Structural Parameters and Thermodynamics of the Formation of Molecular Water Clusters

  • K. V. Berezin
  • O. V. Kozlov
  • M. L. Chernavina
  • A. M. Lihter
  • V. V. Smirnov
  • I. V. Mihajlov
  • O. N. Grechuhina
Article
  • 5 Downloads

Abstract

The formation of molecular water clusters is simulated using the theoretical density functional theory/ B3LYP/6-311+G(d,p) method. The spatial configurations of 29 clusters with 2 to 28 water molecules are calculated. The dipole moments, the complete complex-formation enthalpy, and the enthalpy of the successive joining of water molecules are determined with the basis-set superposition error taken into account. The features of the geometric structure and the hydrogen-bond strength of water clusters are analyzed on the basis of the obtained theoretical data. The complex-formation enthalpy is revealed to depend periodically on the number of water molecules in a cluster. It is found that clusters with molecules whose number is a multiple of four are energetically most advantageous. When a molecular cluster is built starting with 17 molecules, the cluster structure is changed, resulting in that one end of the complex rolls up into a prismatic configuration.

Keywords

water clusters complex-formation enthalpy structure hydrogen-bond strength DFT/B3LYP method 

Preview

Unable to display preview. Download preview PDF.

Unable to display preview. Download preview PDF.

References

  1. 1.
    D. Feller, J. Chem. Phys. 96, 6104 (1992).CrossRefGoogle Scholar
  2. 2.
    N. Pugliano, J. D. Cruzan, J. G. Loeser, and R. J. Saykally, J. Chem. Phys. 98, 6600 (1993).CrossRefGoogle Scholar
  3. 3.
    R. N. Pribble and T. S. Zwier, Science 265, 75 (1994).CrossRefGoogle Scholar
  4. 4.
    C. Millot and A. J. Stone, Mol. Phys. 77, 439 (1992).CrossRefGoogle Scholar
  5. 5.
    S. S. Xantheas and T. H. Dunning, Jr., J. Chem. Phys. 99, 8774 (1993).CrossRefGoogle Scholar
  6. 6.
    K. Laasonen, M. Parinello, R. Car, et al., Chem. Phys. Lett. 207, 208 (1993).CrossRefGoogle Scholar
  7. 7.
    R. M. Bentwood, A. J. Barnes, and W. A. Orville-Thomas, J. Mol. Spectrosc. 84, 391 (1980).CrossRefGoogle Scholar
  8. 8.
    J. E. Del Bene and J. A. Pople, J. Chem. Phys. 52, 4858 (1970).CrossRefGoogle Scholar
  9. 9.
    T. R. Dyke and J. S. Muenter, J. Chem. Phys. 57, 5011 (1972).CrossRefGoogle Scholar
  10. 10.
    N. Pugliano and R. Saykally, Science 257, 1937 (1992).CrossRefGoogle Scholar
  11. 11.
    M. Schütz, T. Bürgi, S. Leutwyler, and H. B. Bürgi, J. Chem. Phys. 99, 5228 (1993).CrossRefGoogle Scholar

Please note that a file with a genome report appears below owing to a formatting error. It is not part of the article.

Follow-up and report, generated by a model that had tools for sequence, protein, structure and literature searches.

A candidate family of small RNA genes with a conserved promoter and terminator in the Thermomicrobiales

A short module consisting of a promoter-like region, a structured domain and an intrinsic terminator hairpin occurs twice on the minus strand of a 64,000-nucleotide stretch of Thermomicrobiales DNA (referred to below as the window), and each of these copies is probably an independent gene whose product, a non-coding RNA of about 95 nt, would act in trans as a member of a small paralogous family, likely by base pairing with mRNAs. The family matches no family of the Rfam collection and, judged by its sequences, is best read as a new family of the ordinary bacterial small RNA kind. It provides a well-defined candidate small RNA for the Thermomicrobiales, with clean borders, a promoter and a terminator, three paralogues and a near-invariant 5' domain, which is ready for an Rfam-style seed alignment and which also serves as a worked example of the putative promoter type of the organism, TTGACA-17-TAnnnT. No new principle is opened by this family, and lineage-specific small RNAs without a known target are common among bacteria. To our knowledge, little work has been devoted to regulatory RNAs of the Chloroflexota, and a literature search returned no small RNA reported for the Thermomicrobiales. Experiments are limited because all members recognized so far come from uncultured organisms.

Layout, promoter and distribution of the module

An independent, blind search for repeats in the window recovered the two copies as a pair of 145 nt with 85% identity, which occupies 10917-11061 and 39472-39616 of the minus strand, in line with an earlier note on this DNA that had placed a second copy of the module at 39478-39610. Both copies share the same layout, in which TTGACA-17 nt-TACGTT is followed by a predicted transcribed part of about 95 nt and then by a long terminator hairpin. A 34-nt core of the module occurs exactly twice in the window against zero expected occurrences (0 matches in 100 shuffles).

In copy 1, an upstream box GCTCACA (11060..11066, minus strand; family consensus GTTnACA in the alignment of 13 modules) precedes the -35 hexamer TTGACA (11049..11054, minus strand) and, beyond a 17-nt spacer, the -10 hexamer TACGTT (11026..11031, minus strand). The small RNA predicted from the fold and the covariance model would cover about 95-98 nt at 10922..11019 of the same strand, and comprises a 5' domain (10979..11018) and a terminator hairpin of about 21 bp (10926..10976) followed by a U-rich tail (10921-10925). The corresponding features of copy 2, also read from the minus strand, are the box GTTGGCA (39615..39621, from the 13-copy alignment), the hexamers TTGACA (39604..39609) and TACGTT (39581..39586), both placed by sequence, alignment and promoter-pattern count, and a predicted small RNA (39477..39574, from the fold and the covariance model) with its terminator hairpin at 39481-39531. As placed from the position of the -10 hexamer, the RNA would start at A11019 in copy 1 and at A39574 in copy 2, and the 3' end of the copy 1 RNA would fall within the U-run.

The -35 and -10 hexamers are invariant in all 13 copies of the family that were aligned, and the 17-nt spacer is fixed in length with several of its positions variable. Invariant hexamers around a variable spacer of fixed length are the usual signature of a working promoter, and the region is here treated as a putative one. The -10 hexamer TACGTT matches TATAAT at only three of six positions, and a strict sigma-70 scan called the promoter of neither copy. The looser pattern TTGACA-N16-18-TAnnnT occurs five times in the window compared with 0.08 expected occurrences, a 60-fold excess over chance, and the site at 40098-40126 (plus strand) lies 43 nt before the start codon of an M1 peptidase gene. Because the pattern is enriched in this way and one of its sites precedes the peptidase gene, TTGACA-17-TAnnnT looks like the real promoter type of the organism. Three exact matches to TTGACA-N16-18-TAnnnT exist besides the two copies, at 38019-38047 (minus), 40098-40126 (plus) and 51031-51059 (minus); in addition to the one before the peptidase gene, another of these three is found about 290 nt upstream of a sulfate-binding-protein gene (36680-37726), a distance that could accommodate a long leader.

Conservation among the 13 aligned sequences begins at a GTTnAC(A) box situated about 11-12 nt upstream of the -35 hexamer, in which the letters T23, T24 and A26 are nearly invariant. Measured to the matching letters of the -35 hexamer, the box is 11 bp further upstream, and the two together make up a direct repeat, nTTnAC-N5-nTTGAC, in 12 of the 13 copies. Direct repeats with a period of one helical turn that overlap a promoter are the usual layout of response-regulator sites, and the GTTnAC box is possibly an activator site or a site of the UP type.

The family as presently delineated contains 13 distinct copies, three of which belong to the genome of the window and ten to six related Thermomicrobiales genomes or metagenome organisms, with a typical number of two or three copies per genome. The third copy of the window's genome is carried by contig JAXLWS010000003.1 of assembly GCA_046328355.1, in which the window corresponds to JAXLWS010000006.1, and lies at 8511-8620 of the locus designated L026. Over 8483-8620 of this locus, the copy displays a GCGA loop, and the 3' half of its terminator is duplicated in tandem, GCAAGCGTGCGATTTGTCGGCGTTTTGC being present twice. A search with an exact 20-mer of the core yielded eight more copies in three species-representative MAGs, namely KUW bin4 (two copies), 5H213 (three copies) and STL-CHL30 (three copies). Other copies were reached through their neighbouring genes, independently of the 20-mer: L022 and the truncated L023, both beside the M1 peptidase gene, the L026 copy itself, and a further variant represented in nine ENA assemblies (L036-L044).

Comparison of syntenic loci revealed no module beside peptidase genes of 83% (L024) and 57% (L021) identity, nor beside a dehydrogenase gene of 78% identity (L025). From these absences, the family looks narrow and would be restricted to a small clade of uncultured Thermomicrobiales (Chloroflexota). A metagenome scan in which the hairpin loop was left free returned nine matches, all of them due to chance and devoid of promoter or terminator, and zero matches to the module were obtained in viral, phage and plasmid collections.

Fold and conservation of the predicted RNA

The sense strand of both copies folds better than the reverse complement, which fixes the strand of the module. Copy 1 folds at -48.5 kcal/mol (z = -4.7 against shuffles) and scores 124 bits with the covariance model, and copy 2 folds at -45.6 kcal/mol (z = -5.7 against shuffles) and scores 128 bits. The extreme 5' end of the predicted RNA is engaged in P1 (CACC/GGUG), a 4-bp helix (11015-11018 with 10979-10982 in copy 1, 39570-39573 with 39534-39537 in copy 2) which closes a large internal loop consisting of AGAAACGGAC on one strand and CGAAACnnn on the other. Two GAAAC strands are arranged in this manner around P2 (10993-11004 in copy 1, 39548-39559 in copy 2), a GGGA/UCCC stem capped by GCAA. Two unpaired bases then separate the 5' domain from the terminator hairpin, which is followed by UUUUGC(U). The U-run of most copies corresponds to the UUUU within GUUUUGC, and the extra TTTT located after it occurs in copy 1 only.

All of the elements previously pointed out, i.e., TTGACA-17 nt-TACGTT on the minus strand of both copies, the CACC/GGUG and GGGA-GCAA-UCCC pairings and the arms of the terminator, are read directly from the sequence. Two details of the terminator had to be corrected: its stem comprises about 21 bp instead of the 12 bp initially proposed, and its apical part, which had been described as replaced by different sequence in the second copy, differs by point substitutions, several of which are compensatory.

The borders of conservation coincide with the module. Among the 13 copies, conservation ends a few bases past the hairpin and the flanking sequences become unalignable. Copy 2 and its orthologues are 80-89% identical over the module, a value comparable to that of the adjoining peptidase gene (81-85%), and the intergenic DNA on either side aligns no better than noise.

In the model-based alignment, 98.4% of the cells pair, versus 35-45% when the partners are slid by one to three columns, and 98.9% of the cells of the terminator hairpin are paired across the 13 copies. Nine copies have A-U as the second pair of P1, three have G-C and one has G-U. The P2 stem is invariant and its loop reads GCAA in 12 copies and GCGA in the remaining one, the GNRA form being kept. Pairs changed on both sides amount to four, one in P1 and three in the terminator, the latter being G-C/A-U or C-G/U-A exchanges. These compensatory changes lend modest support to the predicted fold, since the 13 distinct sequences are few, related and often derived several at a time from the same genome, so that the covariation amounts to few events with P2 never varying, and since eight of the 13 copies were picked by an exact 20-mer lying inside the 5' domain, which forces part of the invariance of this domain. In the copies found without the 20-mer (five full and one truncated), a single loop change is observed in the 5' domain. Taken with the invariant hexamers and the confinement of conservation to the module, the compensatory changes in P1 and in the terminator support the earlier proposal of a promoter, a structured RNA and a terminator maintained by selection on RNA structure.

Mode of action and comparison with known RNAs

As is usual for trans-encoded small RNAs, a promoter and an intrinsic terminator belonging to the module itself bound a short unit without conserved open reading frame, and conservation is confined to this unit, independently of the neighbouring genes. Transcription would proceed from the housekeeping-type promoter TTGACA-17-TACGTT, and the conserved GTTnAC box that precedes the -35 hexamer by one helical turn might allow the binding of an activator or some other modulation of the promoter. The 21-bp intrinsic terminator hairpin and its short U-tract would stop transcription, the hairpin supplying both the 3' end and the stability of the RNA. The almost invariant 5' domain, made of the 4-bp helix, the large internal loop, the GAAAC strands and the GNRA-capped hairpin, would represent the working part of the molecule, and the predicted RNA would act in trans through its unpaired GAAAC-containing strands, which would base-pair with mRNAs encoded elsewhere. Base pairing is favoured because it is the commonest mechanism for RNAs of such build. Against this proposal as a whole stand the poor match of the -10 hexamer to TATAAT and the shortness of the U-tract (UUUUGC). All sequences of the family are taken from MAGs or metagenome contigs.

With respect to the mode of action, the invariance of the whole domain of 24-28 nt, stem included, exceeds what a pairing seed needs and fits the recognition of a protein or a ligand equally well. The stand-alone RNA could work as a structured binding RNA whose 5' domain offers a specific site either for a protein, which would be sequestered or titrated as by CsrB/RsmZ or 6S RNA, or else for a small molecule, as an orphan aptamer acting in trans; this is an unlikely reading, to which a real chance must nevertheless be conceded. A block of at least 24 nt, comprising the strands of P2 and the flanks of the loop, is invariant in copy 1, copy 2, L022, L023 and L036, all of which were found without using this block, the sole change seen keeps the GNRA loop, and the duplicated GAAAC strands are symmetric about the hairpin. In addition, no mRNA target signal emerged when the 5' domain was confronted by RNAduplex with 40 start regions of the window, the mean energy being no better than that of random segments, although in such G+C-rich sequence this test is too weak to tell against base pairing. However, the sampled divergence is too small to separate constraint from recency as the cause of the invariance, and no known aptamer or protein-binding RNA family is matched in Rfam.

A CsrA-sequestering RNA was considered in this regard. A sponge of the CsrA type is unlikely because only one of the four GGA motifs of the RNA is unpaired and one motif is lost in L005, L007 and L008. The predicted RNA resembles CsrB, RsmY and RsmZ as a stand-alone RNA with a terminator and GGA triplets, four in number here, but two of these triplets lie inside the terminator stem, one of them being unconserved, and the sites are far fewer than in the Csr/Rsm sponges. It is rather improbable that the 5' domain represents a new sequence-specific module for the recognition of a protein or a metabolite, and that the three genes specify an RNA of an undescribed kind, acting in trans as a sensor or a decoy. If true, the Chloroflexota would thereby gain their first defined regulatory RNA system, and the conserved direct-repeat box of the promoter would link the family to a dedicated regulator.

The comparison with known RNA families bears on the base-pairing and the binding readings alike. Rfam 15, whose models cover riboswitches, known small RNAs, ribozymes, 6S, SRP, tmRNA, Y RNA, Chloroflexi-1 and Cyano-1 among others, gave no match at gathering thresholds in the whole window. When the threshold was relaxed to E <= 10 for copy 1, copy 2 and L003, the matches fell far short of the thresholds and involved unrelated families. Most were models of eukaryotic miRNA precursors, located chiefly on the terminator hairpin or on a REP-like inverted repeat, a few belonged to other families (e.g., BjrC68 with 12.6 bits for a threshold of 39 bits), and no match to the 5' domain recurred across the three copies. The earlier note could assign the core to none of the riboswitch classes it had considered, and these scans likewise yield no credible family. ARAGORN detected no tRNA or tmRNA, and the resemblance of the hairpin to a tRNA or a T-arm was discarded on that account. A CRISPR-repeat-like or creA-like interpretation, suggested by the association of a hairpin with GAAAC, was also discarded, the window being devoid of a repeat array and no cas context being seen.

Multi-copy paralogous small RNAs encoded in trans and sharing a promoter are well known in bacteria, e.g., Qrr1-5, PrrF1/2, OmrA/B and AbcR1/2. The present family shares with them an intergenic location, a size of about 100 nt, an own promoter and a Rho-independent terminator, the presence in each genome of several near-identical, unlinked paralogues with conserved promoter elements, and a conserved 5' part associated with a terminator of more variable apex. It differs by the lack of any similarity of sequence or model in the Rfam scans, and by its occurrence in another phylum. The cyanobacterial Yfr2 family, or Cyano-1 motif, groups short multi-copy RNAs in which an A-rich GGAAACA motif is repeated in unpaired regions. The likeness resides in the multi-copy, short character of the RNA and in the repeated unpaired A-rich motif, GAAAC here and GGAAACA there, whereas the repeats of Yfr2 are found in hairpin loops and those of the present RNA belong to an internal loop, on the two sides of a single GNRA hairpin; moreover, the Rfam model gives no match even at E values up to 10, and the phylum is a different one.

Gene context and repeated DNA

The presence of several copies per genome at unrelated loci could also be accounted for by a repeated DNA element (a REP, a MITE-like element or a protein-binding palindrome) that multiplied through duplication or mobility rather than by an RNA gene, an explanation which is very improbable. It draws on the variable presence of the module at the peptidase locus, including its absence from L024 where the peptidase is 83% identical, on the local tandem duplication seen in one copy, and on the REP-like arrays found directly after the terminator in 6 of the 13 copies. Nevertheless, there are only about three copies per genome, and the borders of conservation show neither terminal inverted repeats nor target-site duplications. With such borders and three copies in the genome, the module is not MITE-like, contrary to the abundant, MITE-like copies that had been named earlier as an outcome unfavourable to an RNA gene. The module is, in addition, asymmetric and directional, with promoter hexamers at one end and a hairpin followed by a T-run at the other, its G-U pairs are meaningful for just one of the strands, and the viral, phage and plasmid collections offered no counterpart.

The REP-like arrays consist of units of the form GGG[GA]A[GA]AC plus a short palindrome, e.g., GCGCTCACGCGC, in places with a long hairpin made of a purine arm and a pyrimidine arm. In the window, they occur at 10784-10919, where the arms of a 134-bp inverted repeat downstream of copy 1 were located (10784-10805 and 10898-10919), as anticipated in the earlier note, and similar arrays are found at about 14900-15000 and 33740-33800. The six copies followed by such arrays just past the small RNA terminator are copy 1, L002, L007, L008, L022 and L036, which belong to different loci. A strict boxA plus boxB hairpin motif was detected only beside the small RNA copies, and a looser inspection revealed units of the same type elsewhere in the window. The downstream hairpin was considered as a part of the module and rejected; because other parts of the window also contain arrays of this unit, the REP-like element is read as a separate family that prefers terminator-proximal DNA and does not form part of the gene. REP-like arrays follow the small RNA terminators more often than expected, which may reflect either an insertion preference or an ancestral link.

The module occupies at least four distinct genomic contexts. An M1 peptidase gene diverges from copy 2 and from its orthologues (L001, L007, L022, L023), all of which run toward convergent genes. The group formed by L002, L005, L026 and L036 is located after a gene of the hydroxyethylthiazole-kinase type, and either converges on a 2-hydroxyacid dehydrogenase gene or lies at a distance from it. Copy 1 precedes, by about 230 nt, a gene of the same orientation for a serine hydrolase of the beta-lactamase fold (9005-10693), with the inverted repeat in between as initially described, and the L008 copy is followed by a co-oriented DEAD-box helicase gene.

12. 12.
    S. S. Xantheas and T. H. Dunning, Jr., J. Chem. Phys. 98, 8037 (1993).CrossRefGoogle Scholar
  13. 13.
    J. E. Fowler and H. F. Schaefer, J. Am. Chem. Soc. 117, 446 (1995).CrossRefGoogle Scholar
  14. 14.
    W. Klopper, M. Schütz, H. P. Lüthi, and S. Leutwyler, J. Chem. Phys. 103, 1085 (1995).CrossRefGoogle Scholar
  15. 15.
    M. P. Hodges, A. J. Stone, and S. S. Xantheas, J. Phys. Chem. 101, 9163 (1997).CrossRefGoogle Scholar
  16. 16.
    M. Masella and J.-P. Flament, J. Chem. Phys. 110, 7245 (1999).CrossRefGoogle Scholar
  17. 17.
    K. S. Kim, M. Dupuis, G. C. Lie, and E. Clementi, Chem. Phys. Lett. 131, 451 (1986).CrossRefGoogle Scholar
  18. 18.
    K. Liu, J. D. Cruzan, and R. J. Saykally, Science 271, 929 (1996).CrossRefGoogle Scholar
  19. 19.
    K. Liu, M. G. Brown, J. D. Cruzan, and R. J. Saykally, J. Phys. Chem. A 101, 9011 (1997).CrossRefGoogle Scholar
  20. 20.
    J. D. Cruzan, M. R. Viant, M. G. Brown, et al., Chem. Phys. Lett. 292, 667 (1998).CrossRefGoogle Scholar
  21. 21.
    R. Knochenmuss and S. Leutwyler, J. Chem. Phys. 96, 5233 (1992).CrossRefGoogle Scholar
  22. 22.
    L. A. Burke, J. O. Jensen, J. L. Jensen, and P. N. Krishanan, Chem. Phys. Lett. 206, 293 (1993).CrossRefGoogle Scholar
  23. 23.
    P. N. Krishnan, J. O. Jensen, and L. A. Burke, Chem. Phys. Lett. 217, 311 (1994).CrossRefGoogle Scholar
  24. 24.
    C. J. Tsai and K. D. Jordan, Chem. Phys. Lett. 213, 181 (1993).CrossRefGoogle Scholar
  25. 25.
    K. S. Kim, K. D. Jordan, and T. S. Zwier, J. Am. Chem. Soc. 116, 11568 (1994).CrossRefGoogle Scholar
  26. 26.
    B. J. Mhin, J. Kim, S. Lee, et al., J. Chem. Phys. 100, 4484 (1994).CrossRefGoogle Scholar
  27. 27.
    C. Lee, H. Chen, and G. Fitzgerald, J. Chem. Phys. 101, 4472 (1994).CrossRefGoogle Scholar
  28. 28.
    S. Maheshwary, N. Patel, and N. Sathyamurthy, J. Phys. Chem. A 105, 10525 (2001).CrossRefGoogle Scholar
  29. 29.
    C. Lee, R. Yang, and G. Parr, Phys. Rev. B 37, 785 (1988).CrossRefGoogle Scholar
  30. 30.
    A. D. Becke, J. Chem. Phys. 98, 5648 (1993).CrossRefGoogle Scholar
  31. 31.
    R. Ditchfield, W. J. Hehre, and J. A. Pople, J. Chem. Phys. 54 (2), 724 (1971).CrossRefGoogle Scholar
  32. 32.
    M. J. Frisch, G. W. Trucks, H. B. Schlegel, et al., Gaussian 09, Revision A.1 (Gaussian Inc., Wallingford, CT, 2009).Google Scholar
  33. 33.
    K. V. Berezin, S. N. Chernyaev, N. A. Kirnosov, and V. I. Berezin, in Problems on Optical Physics and Biophotonics (Novyi Veter, Saratov, 2008), p. 176 [in Russian].Google Scholar
  34. 34.
    O. A. Loboda and V. V. Goncharuk, Khim. Tekhnol. Vody 31 (2), 173 (2009).Google Scholar

Copyright information

© Pleiades Publishing, Ltd. 2018

Authors and Affiliations

  • K. V. Berezin
    • 1
  • O. V. Kozlov
    • 1
  • M. L. Chernavina
    • 1
  • A. M. Lihter
    • 2
  • V. V. Smirnov
    • 2
  • I. V. Mihajlov
    • 2
  • O. N. Grechuhina
    • 3
  1. 1.Chernyshevsky Saratov State UniversitySaratovRussia
  2. 2.Astrakhan State UniversityAstrakhanRussia
  3. 3.Caspian Institute of Maritime and River TransportAstrakhanRussia

Personalised recommendations